Iowa woman's photo sparks push for new cloud type

Jun 12, 2009 By MICHAEL J. CRUMB , Associated Press Writer
This June 20, 2006 photo provided on Monday, June 8, 2009 and taken by Jane Wiggins from a downtown Cedar Rapids, Iowa office building shows what may become the first new cloud type to be recognized by scientists since 1951. (AP Photo/Jane Wiggins)

(AP) -- Looking out the 11th floor window of her law office, Jane Wiggins did a double take and grabbed her camera. The dark, undulating clouds hovering outside were unlike anything she'd seen before.

"It looked like Armageddon," said Wiggins, a paralegal and amateur photographer in Cedar Rapids, Iowa. "The shadows of the , the lights and the darks, and the greenish-yellow backdrop. They seemed to change."

They dissipated within 15 minutes, but the photo Wiggins captured in June 2006 intrigued - and stumped - a group of dedicated weather watchers who now are pushing weather authorities to create a new cloud category, something that hasn't been done since 1951.

Breaking into the cloud family would require surviving layers of skeptical international review. Still, Gavin Pretor-Pinney and his England-based Cloud Appreciation Society are determined to establish a new variety. They've given Wiggins' photo and similar pictures taken in different parts of the world to experts in England, and are discussing the subject fervently online.

"They (the clouds) were the first ones that I noted of this type and I was unsure which category to put them under," said Pretor-Pinney, author of "The Cloudspotter's Guide." "When we put pictures up online we list the category, and I wasn't sure how to categorize it."

Some scientists are skeptical. They argue that researchers who have long watched the sky haven't seen anything distinctly new for decades.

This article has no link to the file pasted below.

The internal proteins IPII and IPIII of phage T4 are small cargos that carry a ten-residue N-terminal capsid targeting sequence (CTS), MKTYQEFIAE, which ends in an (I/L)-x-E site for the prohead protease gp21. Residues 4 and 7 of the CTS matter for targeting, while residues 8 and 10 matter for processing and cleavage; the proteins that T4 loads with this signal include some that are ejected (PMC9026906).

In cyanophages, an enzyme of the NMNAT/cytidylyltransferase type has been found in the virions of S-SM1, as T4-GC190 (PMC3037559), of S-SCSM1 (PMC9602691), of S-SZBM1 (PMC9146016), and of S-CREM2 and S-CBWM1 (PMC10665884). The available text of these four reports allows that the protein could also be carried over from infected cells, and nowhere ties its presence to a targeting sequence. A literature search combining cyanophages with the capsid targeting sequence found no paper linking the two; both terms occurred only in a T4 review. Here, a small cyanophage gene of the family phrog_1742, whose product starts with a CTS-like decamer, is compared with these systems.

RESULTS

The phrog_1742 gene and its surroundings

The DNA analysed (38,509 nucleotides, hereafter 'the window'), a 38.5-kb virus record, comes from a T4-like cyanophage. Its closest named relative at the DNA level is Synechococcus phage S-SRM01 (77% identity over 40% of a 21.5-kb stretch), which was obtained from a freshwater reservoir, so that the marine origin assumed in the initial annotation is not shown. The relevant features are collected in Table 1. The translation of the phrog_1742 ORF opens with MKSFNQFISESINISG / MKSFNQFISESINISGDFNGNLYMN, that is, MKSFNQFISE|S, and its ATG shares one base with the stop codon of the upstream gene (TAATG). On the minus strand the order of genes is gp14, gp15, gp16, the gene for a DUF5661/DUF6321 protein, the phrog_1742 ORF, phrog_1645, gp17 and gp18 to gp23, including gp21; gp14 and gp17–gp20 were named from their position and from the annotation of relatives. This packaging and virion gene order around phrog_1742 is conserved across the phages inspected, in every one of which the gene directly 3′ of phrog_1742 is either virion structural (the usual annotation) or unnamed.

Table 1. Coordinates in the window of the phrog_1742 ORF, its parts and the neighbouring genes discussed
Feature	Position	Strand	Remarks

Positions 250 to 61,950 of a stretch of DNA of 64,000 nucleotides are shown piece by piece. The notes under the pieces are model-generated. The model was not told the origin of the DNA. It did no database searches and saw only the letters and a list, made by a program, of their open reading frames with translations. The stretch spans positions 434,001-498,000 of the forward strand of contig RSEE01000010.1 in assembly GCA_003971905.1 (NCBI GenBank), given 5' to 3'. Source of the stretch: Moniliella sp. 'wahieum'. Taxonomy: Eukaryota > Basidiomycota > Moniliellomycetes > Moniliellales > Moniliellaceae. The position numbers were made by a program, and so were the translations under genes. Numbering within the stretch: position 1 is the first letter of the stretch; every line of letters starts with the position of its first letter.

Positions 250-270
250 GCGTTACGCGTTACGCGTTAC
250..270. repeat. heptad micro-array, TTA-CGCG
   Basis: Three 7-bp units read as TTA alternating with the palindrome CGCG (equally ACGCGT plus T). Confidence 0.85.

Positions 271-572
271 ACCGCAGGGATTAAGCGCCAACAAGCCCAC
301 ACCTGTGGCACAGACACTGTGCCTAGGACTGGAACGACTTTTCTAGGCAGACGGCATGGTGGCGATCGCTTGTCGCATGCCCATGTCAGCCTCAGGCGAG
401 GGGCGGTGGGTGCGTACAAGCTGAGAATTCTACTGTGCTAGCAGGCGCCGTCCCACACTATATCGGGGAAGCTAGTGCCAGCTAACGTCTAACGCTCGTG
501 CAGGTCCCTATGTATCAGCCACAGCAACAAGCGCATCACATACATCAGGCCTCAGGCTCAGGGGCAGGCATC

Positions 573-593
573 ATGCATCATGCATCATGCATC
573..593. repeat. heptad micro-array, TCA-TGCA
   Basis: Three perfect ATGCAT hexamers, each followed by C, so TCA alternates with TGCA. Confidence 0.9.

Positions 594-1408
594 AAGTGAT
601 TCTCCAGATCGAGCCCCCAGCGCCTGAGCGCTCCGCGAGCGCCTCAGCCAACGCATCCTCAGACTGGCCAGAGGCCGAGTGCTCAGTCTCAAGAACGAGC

There are three main groups of clouds: cumulous, cirrus and stratus. Each has various sub-classifications built on other details of the formation.

Brant Foote, a longtime scientist at the National Center for Atmospheric Research in Boulder, Colo., said the clouds photographed by Wiggins already fit into the existing cumulous classification.

But Pretor-Pinney, who never studied meteorology, believes the clouds merit their own cumulus sub-classification. He proposes they be called altocumulus undulatus asperatus. The last word - Latin for roughen or agitate - is a reference to the clouds' undulating surface.

"Not necessarily gentle or steady, but quite violent-looking, turbulent, almost twisted in its appearance," he said.

The group has compiled several photographs documenting the formations from the billowy, rolling clouds shot by Wiggins in Iowa to ones from New Zealand that were much more menacing, hanging lava-like in the sky.

Foote said it would be "very unusual" for such a formation to be recognized as a new variety of cloud.

"People have been looking at clouds for hundreds of years and the general cloud classification is well defined," Foote said. "It's not as if someone discovered a new plant in the Amazon. It's what you've seen every day. There was no atmospheric condition that caused a new kind of cloud to form."

Pretor-Pinney is working with the Royal Meteorological Society in Reading, England, to prepare his case. If that group signs off, the proposal will go to the United Nation's World Meteorological Organization in Geneva.